By Alix Langone
February 3, 2019

This Sunday evening, after stuffing your face with chips and wings and watching gobs of commercials, you’ll have to wrestle with this question: How was Maroon 5’s halftime performance?

After all, you’ll need an answer to discuss on social media on Sunday night and over the water-cooler on Monday morning.

Adam Levine and his pop band will headline the 2019 Pepsi Super Bowl LIII Halftime Show and will be joined on stage by rappers Travis Scott and Big Boi at the Mercedes-Benz stadium in Atlanta this Sunday, the NFL announced. Along with some falsettos, the performance will be blasted to hundreds of millions of eyes and ears all across the world.

So how much does this sweet gig pay? Likely nothing.

The NFL does not pay the halftime show talent. In an email to MONEY, NFL spokesman Brian McCarthy told MONEY that the league covers all costs. (He also mentioned that performers receive “union scale,” a reference to a minimum wage set by the union. The union, the Screen Actors Guild, did not respond to requests for comment.)

So Maroon 5, Travis Scott and Big Boi (one half of hip-hop duo Outkast) will all likely receive small potatoes for performing. Soul singer and Atlanta native Gladys Knight will sing the National Anthem, and will also not receive a fat paycheck.

However, there are two checks the NFL will be writing this year, thanks to Scott and others. The rapper refused to perform unless the league agreed to make a donation to a social justice organization. Together with Scott, the NFL is making a $500,000 donation to Dream Corps, an organizing focused on finding solutions for social change, founded by political commentator Van Jones.

Scott said he backs “anyone who takes a stand for what they believe in,” in a statement. “I know being an artist that it’s in my power to inspire. So before confirming the Super Bowl Halftime performance, I made sure to partner with the NFL on this important donation. I am proud to support Dream Corps and the work they do that will hopefully inspire and promote change.”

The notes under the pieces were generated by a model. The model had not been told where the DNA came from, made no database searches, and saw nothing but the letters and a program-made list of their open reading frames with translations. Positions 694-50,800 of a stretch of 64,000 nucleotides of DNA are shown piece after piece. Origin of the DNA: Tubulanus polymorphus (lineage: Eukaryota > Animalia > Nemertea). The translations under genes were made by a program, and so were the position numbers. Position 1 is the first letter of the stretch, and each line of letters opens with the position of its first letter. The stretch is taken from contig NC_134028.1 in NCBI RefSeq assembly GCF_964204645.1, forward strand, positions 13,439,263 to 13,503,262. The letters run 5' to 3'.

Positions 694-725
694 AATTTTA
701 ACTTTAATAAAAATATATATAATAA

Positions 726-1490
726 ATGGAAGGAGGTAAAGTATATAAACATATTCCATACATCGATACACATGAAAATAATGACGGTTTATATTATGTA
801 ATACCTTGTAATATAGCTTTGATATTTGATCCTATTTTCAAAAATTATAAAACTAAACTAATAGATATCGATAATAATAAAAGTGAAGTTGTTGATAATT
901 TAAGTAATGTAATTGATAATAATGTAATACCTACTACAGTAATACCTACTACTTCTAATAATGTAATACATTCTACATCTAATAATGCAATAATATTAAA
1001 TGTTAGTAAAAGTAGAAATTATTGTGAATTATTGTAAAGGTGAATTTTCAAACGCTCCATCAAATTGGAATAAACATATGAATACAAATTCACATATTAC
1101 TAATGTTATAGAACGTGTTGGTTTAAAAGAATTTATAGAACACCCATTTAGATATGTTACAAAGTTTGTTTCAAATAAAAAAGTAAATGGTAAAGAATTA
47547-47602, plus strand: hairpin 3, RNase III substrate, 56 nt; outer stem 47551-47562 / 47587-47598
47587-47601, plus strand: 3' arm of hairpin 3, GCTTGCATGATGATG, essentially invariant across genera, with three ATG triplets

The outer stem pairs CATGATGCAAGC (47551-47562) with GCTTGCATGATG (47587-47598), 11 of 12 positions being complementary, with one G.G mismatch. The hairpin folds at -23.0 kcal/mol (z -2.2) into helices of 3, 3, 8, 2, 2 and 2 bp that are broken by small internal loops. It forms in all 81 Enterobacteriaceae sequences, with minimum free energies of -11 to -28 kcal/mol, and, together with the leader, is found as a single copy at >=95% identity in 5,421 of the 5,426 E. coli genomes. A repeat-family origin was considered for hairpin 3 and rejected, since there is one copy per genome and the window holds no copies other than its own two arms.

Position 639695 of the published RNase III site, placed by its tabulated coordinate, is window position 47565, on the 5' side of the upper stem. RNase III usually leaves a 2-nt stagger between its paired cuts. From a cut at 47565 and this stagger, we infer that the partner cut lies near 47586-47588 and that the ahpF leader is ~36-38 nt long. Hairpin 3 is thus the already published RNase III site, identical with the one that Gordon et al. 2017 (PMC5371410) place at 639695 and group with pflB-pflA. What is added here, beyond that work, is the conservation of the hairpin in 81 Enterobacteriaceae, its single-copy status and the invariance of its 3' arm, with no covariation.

Perhaps spurred by Scott’s donation, Maroon 5 also announced this week that they would make a $500,000 donation to Big Brothers Big Sisters of America in partnership with Interscope Records and the NFL. Maroon 5 keyboardist PJ Morton addressed the protest controversy in an interview with People saying, “I think there are plenty of people — a lot of the players, to be honest — who support Kap and also do their job for the NFL. I think we’re doing the same thing. We can support being against police brutality against black and brown people and be in support of being able to peacefully protest and still do our jobs.”

Needless to say, this year’s pick of halftime show performers wasn’t without controversy. The show’s line up was affected by the national debate sparked by former NFL quarterback Colin Kapernick kneeling in protest of police brutality and racial injustice in 2016. Billboard reported major stars like Rhianna and Cardi B (who is nominated for Best Pop Duo/Group Performance with Maroon 5 for ‘Girls Like You,’) declined to perform during the NFL event, citing their support for Kapernick, who has still not been hired by any team in the league since making his public protests.

Maroon 5 and Levine have taken heat for their decision to perform in light of Kapernick’s treatment. Vocal criticism of their choice has come from other celebrities like comedian Amy Schumer, who didn’t shy away from calling out the band, writing “I think it would be cool if @maroon5 backed out of super bowl like @badgalriri Did. I personally told my reps I wouldn’t do a Super Bowl commercial this year. I know it must sound like a privilege ass sacrifice but it’s all i got,” in an Instagram caption in October.

Controversy and pay aside, there’s still a major upside for the artists to performing at the Super Bowl. An estimated 100 million people tune in around the world to watch the championship football game. That’s priceless P.R.

This year’s artists are still living comfortably with or without a paycheck from the NFL. Maroon 5 is worth an estimated $45 million, while Travis Scott is worth somewhere around $22 million, and Big Boi has an estimated net worth of $50 million.

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